Adopted Dog Proves Good Things Come in Small Packages
For Leo, Skeeter is truly man’s best friend.
Leo + Skeeter
Skeeter was only supposed to be an overnight foster, but this little dog with a big personality won the hearts of his new family — especially dad Leo.
"Skeeter and I are a comic contrast in shape and size but we have become inseparable."
My wife says I’m like a dog with a bone. I’ll say stuff to shake things up and I don’t always let go when I should. “You’ve been particularly crabby lately,” she said. Yeah, I drive her nuts … criticizing her driving and her dishwasher loading technique. Like everyone, my 2020 vision has been a blur. My personal MANdemic — home-stuck without pro sports, holding tickets to cancelled concerts, bereft of company and favorite eats at shuttered restaurants — was further amplified by the passing of my best dog of all time, Patsy. As much as I tried to count myself lucky, depression was eating at my edges.
As a volunteer at the shelter, my wife gets her dog fix every weekend. She’s brought many dogs home to foster for a time and each one was adopted (I would have kept them all). A month after Patsy died, a strange little stray turned up at the shelter and the next thing I knew, Skeeter showed up for a sleepover. Looking like the offspring of a Siamese cat and a Martian, my wife intended to take him back to the shelter the next day. When I couldn’t stop saying, “He’s SOOOO cute,” and “He’s just like a mini Patsy,” she caved.
Skeeter and I are a comic contrast in shape and size but we have become inseparable. My wife doesn’t lick my fingers after a handful of peanuts, or lean in with excitement to smell my breath, but Skeeter does. My wife no longer heralds my arrival home with a happy dance, nor does she hop into bed at 8 p.m. with me and wag her tail, but Skeeter does. I admit that having a little dog is a bit incongruous with my MANtasy world of fast cars, fine cigars, and electric guitars. Wary of entering the white belt and shuffleboard zone, I intend for Skeeter to share the couch and enthusiasm with me on football Sundays, familiar with the smell of a fine craft beer and the very real prospect of a leftover pizza bone. My blood pressure takes a dive when he hypnotizes me with those big brown eyes, and I’ve become a shameless shutterbug.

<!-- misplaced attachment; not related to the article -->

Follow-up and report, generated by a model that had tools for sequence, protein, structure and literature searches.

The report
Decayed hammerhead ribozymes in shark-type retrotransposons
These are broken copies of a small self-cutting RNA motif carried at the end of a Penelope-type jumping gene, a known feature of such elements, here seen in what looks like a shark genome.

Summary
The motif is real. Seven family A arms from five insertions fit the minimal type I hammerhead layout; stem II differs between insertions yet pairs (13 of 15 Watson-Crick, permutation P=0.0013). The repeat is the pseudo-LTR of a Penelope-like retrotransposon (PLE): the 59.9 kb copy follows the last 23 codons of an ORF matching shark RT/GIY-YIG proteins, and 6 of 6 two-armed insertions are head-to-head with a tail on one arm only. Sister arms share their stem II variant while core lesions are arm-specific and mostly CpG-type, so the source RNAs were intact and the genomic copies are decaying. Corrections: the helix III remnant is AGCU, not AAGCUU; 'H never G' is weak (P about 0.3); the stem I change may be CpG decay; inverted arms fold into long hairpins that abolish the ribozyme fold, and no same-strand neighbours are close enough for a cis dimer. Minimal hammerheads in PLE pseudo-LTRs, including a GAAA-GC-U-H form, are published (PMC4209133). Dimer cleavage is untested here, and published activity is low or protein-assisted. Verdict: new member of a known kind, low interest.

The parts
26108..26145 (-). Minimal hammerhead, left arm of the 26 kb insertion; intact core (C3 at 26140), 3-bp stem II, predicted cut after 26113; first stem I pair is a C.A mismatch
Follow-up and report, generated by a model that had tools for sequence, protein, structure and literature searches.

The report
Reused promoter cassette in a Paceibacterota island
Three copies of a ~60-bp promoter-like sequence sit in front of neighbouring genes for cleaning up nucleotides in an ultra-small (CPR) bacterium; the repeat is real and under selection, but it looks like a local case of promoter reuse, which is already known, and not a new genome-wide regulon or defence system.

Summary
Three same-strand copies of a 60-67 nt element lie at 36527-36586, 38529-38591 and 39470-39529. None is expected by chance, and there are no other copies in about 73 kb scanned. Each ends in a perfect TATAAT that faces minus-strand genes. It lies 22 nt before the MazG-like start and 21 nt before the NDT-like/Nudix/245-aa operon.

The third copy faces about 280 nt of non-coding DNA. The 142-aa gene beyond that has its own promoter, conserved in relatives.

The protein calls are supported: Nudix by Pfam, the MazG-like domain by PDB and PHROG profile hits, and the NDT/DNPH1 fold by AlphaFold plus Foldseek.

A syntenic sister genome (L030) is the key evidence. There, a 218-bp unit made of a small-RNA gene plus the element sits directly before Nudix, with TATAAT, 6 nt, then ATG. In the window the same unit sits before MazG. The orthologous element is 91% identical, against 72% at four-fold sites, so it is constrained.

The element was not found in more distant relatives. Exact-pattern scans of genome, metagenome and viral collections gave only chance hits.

Some people say after the loss of a dog they couldn’t get another one. I’ll never forget Patsy, but the fact is that nothing could soothe my troubled mind faster than having another dog to focus on, dote over, and care for. For me it’s not a home without a dog. I look forward to the day when other icons of manliness latch onto this small dog ethos. It would be cool to see DeNiro on the streets of New York with a Yorkie, or Peyton Manning petting a Peekapoo. That would go a long way to laying the groundwork for all men to walk small dogs with dignity intact. Now that I’ve MANaged to conquer any lingering embarrassment when walking with this little Skeeterbug, I just have one question… does this dog make me look fat?
Each year, the Petco Foundation Holiday Wishes campaign invites adopters to share stories of how their pets have changed their lives to give the organizations that they’ve adopted from the chance to receive grant awards. This story by Leo won Angel Ridge Animal Rescue in Meadowlands, Pennsylvania a 2020 Holiday Wishes award.